Press Release

BALTIMORE, MD (December 31, 2008) – The Maryland Department of the Environment announced that on January 2, 2009, a notice of “final determination” for a general permit and the notice of final action on regulations related to discharges from animal feeding operations (AFOs) will be published in the Maryland Register. The permit and regulations, for the first time, require discharge permits for large poultry operations and will ensure that Maryland’s largest poultry producers are implementing controls necessary to properly manage poultry litter and minimize nutrient runoff into the Chesapeake Bay. The proposed permit, along with the proposed regulations, would bring approximately 50 percent of the state’s poultry litter under MDE regulation.

Through a series of public stakeholder meetings, both before and after the draft permit was issued, MDE considered changes to the permit provisions and incorporated numerous suggestions to improve nutrient management of large poultry operations. Three public meetings in March were followed by three public hearings held in November, where MDE received formal testimony.

The regulations take effect on January 12, 2009. The general permit will be final as of January 21, 2009. The general permit, a fact sheet, and more information are available online at:

The following is a joint statement from MDE Deputy Secretary Bob Summers and Maryland Department of Agriculture (MDA) Deputy Secretary Buddy Hance:

MDE received and reviewed comments from many different stakeholders on this key component of Maryland’s full-scale effort to clean up the Bay: controlling nutrients created by our State’s large animal feeding operations.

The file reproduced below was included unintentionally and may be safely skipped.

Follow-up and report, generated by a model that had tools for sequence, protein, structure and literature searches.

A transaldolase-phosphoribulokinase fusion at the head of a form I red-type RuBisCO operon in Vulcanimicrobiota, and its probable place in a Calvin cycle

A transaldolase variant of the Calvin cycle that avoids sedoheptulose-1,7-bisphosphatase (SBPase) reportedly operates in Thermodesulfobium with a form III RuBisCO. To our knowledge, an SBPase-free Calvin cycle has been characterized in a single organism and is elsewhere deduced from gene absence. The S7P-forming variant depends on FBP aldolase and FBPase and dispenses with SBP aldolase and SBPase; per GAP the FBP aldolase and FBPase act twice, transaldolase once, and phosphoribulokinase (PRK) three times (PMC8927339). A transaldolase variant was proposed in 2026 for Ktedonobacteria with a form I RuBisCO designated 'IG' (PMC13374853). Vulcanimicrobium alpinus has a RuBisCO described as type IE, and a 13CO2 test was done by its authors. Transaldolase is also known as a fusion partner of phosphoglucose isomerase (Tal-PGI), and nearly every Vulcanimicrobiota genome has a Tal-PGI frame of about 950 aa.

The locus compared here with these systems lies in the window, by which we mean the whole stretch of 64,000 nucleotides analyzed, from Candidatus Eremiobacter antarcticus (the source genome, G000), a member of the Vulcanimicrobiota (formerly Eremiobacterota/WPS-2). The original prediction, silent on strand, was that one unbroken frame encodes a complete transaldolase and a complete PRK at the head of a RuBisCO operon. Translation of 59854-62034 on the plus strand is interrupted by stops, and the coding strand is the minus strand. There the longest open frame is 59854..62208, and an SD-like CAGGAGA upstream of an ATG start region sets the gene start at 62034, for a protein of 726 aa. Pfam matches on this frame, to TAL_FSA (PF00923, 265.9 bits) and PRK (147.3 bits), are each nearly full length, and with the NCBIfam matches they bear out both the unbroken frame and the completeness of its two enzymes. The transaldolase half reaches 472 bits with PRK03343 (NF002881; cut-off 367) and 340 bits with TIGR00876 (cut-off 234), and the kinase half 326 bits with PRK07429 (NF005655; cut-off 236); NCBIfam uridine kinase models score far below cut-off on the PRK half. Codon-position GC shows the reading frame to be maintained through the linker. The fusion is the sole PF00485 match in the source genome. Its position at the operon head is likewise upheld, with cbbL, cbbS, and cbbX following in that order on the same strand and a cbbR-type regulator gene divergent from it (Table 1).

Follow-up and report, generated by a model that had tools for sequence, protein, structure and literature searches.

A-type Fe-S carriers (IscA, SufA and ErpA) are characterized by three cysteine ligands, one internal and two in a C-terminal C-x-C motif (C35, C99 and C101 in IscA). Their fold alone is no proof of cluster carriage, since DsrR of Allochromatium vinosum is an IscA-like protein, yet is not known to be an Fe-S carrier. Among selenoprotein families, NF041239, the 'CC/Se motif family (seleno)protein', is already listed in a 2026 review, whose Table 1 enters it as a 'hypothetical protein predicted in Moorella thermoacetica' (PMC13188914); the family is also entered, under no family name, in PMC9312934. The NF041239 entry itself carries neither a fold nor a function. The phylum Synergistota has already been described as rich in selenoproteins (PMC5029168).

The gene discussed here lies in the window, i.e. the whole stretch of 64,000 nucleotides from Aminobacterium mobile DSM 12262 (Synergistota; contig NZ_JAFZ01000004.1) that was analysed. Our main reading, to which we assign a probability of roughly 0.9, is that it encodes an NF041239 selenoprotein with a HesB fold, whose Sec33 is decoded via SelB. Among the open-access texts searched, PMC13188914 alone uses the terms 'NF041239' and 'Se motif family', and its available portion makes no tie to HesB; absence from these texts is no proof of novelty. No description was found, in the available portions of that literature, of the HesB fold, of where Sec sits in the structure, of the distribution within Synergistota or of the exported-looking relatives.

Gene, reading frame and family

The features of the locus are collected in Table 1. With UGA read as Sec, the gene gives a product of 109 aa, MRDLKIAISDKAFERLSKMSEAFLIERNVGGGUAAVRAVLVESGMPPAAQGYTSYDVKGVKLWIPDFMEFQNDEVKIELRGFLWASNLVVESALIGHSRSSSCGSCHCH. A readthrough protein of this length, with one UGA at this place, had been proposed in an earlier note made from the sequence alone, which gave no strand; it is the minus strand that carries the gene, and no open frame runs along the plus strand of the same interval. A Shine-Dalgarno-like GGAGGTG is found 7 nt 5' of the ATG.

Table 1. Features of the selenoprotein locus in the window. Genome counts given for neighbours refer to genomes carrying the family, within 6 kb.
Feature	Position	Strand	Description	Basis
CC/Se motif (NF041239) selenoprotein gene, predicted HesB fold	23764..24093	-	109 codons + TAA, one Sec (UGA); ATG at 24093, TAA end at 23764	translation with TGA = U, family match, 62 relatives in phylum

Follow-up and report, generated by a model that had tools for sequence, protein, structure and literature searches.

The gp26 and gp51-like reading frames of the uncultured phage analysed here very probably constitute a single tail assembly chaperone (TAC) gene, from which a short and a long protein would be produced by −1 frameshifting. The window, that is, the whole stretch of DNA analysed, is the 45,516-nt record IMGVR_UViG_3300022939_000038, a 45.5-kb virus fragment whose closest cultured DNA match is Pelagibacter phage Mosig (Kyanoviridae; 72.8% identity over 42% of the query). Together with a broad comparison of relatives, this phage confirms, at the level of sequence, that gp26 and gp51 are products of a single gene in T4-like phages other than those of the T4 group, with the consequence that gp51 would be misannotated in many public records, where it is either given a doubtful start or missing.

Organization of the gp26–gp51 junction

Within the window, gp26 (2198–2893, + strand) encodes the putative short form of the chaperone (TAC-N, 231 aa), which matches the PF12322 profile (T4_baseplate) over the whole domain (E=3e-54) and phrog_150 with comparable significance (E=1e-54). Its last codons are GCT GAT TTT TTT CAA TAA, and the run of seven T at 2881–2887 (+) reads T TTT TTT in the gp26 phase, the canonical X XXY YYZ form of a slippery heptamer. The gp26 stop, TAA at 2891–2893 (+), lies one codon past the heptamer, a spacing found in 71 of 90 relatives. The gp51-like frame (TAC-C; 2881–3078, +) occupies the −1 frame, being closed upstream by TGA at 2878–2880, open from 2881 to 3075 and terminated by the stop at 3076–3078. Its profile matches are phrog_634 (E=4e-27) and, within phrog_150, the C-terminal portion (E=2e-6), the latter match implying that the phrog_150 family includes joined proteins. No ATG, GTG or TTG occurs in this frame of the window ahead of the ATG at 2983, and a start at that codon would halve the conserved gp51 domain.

The final permit and regulations reflect improvements based on comments from farmers, environmental advocates, and other stakeholders, and they represent an approach that is manageable and affordable while still protecting the Chesapeake Bay and our drinking water.

Since December 2007, when MDE in conjunction with MDA published the first draft of the permit, State officials have been talking to the agricultural community about how to best address excess nutrients from animal manure, including poultry litter, to protect the Chesapeake Bay while maintaining sustainable agriculture. Three well-attended public meetings and many other smaller meetings were held, and many verbal and written comments were received. These suggestions enabled the revised draft permit, published in September 2008, to protect water quality and address environmental concerns in a way that is manageable for farmers. The final permit has been revised to incorporate additional comments received during formal public hearings held in November 2008. MDE and MDA appreciate the thoughtful input received from many Maryland citizens, including the expertise of farmers, over the course of the permit development process. It has resulted in a much better final product.

This new permit and regulations to control nutrients from our largest agricultural animal operations is a significant step forward in protecting the Chesapeake Bay, local waterways, and our drinking water. It is one part of a comprehensive, State-wide effort targeting all sources of pollution: stormwater runoff, wastewater treatment plants, septic systems, industrial toxics, and air emissions.